The algorithm also accounted for a mammoth ten percent of the bandwidth that is allowed for trading on any given day, but the motive behind its presence is still uncertain.
It placed orders in 25-millisecond bursts, which included about 500 stocks, but never actually executed a single trade. The algorithm's activity ended at 10.30am ET on Friday.
"Just goes to show how just one person can have such an outsized impact on the market," Eric Hunsade, head of Nanex, told CNBC.He added: "Exchanges are just not monitoring it."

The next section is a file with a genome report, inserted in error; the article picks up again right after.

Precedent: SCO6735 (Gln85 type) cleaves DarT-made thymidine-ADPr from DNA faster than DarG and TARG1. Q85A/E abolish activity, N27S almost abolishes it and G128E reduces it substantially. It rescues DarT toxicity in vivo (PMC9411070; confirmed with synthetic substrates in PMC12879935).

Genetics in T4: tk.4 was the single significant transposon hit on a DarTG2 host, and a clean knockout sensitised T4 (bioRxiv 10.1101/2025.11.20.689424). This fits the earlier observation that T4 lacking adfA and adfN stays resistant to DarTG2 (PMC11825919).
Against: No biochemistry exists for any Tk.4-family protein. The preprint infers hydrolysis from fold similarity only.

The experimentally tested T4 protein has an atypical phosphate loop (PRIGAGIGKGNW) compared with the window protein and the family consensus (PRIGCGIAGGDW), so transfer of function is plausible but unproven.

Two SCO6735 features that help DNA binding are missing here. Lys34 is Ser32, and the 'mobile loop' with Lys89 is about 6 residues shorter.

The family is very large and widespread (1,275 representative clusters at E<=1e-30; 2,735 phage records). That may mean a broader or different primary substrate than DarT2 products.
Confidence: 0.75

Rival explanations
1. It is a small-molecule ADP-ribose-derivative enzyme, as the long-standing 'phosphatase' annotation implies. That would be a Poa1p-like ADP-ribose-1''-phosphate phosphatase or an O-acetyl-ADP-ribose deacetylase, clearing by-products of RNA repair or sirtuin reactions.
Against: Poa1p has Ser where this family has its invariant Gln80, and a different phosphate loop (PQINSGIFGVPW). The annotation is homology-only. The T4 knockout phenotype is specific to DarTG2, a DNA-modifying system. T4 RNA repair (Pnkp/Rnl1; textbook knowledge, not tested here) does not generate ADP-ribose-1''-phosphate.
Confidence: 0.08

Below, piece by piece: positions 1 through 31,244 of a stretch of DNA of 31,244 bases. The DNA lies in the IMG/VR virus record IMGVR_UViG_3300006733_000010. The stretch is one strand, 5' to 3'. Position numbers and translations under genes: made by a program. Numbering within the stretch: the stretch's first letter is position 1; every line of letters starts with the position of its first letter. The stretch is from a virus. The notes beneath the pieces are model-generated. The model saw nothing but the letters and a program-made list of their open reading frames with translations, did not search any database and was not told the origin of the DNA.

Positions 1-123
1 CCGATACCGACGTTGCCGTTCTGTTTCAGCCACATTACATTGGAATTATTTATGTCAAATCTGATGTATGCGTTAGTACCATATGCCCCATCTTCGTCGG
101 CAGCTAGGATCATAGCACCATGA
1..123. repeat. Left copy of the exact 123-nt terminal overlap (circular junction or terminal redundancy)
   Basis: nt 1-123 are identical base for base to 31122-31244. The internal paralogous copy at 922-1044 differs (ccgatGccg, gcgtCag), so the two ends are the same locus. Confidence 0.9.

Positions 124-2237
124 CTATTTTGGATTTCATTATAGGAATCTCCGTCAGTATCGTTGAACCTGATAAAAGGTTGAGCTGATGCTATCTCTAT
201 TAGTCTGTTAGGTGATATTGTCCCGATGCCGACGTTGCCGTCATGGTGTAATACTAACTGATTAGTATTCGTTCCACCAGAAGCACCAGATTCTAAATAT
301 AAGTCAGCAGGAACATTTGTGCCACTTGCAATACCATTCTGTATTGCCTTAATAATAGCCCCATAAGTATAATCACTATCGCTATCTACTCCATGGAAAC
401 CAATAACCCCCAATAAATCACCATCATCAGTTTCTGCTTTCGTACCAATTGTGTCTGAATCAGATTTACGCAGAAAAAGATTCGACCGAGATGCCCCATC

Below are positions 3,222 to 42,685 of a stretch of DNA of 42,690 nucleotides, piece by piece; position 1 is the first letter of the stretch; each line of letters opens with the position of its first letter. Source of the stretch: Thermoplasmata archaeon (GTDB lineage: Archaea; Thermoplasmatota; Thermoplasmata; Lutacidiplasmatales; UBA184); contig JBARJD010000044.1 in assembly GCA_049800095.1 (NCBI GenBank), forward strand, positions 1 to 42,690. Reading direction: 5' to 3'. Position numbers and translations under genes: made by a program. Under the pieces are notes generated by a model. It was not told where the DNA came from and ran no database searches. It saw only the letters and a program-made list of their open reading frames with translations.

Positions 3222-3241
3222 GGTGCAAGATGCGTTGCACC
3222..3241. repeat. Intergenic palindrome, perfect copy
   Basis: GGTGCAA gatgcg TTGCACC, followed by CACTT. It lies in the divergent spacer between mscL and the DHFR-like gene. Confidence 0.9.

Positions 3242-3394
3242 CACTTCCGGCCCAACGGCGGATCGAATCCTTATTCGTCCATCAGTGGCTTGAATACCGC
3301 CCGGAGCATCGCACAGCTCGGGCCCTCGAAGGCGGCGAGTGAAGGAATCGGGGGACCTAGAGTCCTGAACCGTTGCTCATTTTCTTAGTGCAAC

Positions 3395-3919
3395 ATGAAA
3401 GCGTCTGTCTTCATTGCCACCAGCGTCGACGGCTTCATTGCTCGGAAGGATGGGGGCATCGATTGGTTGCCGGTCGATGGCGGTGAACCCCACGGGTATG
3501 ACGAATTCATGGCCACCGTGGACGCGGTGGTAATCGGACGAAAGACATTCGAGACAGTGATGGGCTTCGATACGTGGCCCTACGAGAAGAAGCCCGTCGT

Although the exact motive behind the algorithm is still unclear, it that a trader could have been testing the water to see how he or she could use the additional bandwidth to create a latency advantage.
By using up additional bandwidth, the program could potentially slow down others trying to execute trades, allowing it to buy and sell on information that its competitors wouldn't receive until fractions of a second later.